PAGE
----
ANKARA, Turkey (CNN) -- Voters in Turkey hailed Recep Tayyip Erdogan's emphatic re-election victory as a triumph for democracy, as the re-installed prime minister pledged to heal the wounds of a bitterly divisive campaign by "embracing all of Turkey with no discrimination."
Erdogan was forced into calling the vote months ahead of schedule.
Erdogan's Justice and Development Party (AKP), founded just six years ago, increased its overall share of the vote to 46.8 percent -- up from just 34.3 percent in 2002 -- after a vote seen by many as the most important in Turkey's modern history.
"Our nation confirmed that AKP represents the social center. This is the first time a party has managed to increase its support while in government in 52 years," Erdogan told celebrating supporters in Ankara as results were announced. Watch Erdogan claim victory »
Many Turks chose to return home at the height of the summer holiday season to register their votes, with bus stations, airports and roads busy over the weekend as people moved around the country.
Esma Uslu, voting in the southern province of Adana, told Zaman newspaper she considered it her "duty as a citizen" to sacrifice her holiday in order to vote, adding: "I hope the election results will be for the best for our country."
Erdogan was forced into calling the vote months ahead of schedule after falling out with Turkey's traditional political establishment over his government's supposed Islamist leanings which his opponents said threatened to undermine the country's secular founding principles.
That issue came to a head in April when the government's nomination of foreign minister Abdullah Gul to the country's presidency was blocked by a boycott of opposition lawmakers, annulled by the constitutional court, and sparked secularist demonstrations over the fact that Gul's wife wore a headscarf.
Turkish military chiefs also issued a statement suggesting they were ready to intervene in the event of the election of a president deemed inappropriate. But many AKP voters said on Sunday they had been moved to back the party in protest over the army's continuing involvement in politics.
"The army is still too strong in Turkey. People came out in force to support AKP because they are against the military," Mehmet Bicet, a university teacher in Ankara, told CNN.
"Governments are for people; rules can change, if the people want them to change. We don't want to be ruled by secularists. They don't care for the poor. The Kemalists (secularists) can try and take power but the people won't let them."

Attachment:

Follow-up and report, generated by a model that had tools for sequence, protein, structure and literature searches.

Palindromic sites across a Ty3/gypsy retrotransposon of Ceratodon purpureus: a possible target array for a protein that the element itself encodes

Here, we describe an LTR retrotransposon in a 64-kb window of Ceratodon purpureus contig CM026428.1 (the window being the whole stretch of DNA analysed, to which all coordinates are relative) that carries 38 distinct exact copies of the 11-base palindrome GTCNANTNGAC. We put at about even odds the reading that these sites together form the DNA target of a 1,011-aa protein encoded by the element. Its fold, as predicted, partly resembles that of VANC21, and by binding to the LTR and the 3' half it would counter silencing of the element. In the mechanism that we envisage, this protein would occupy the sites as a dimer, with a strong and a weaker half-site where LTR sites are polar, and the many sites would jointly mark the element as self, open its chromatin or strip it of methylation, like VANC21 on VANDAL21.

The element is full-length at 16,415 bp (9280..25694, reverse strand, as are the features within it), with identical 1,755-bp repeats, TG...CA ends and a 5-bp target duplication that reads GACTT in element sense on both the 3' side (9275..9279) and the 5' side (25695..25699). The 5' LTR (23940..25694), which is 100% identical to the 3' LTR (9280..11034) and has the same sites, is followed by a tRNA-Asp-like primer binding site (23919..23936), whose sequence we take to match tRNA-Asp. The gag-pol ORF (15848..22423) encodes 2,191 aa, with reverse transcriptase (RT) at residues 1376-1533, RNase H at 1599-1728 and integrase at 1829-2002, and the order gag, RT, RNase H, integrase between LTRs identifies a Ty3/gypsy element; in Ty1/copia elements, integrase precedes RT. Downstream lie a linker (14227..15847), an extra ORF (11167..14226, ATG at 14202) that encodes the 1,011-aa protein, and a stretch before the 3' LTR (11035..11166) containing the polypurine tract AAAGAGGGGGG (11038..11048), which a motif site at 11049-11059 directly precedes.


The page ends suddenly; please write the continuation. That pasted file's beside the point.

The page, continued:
Others also praised AKP's democratic record and economic management during its first term of office.
"They have brought certainty to Turkey," said Ekrem Ozkan. "Welfare has improved, inflation has dropped, incomes have doubled. And they govern for all people, whether they support them or not. This is a good habit. In Turkey sometimes the military messes with the governments and that's not good. That has challenged the people to vote for AKP."
Suat Kiniklioglu, a newly elected AKP lawmaker for Cankiri province, said the main tasks facing AKP would be electing a new president, introducing constitutional changes, fighting PKK terrorism in Turkey's Kurdish southeast and re-energizing Turkey's bid for European Union membership.
With AKP still lacking the two-thirds parliamentary majority that would enable it to push through its own presidential candidate and plans for constitutional reform, he vowed the party would seek to build bridges towards forging a consensus with the other parties elected to parliament: "There will certainly be consultations. We will make the effort to consult with them."
Under Turkey's election system, AKP will actually lose a number of seats -- down from 363 to en estimated 341 -- in the next parliament due to the success of the Nationalist Party (MHP), which earned the right to enter parliament with around 72 seats by securing 14.3 percent of the vote.
The biggest losers were the main opposition Republican Party (CHP) which was set to be reduced to around 111 seats from 178 despite also increasing its share of the vote by a percentage point to 20.6 percent. In the southeast of the country several Kurdish candidates were elected after standing as independents.
Analysts predict new parliamentary divisions, the ongoing search for an acceptable presidential candidate and concerns over Turkish security posed by the PKK threat could make for a difficult second term for the government.
But on Sunday Erdogan said he was simply happy that his country had passed the sternest-ever test of its democratic system. "Our democracy emerged stronger," he said. "The winner of the elections is democracy, security and stability." E-mail to a friend
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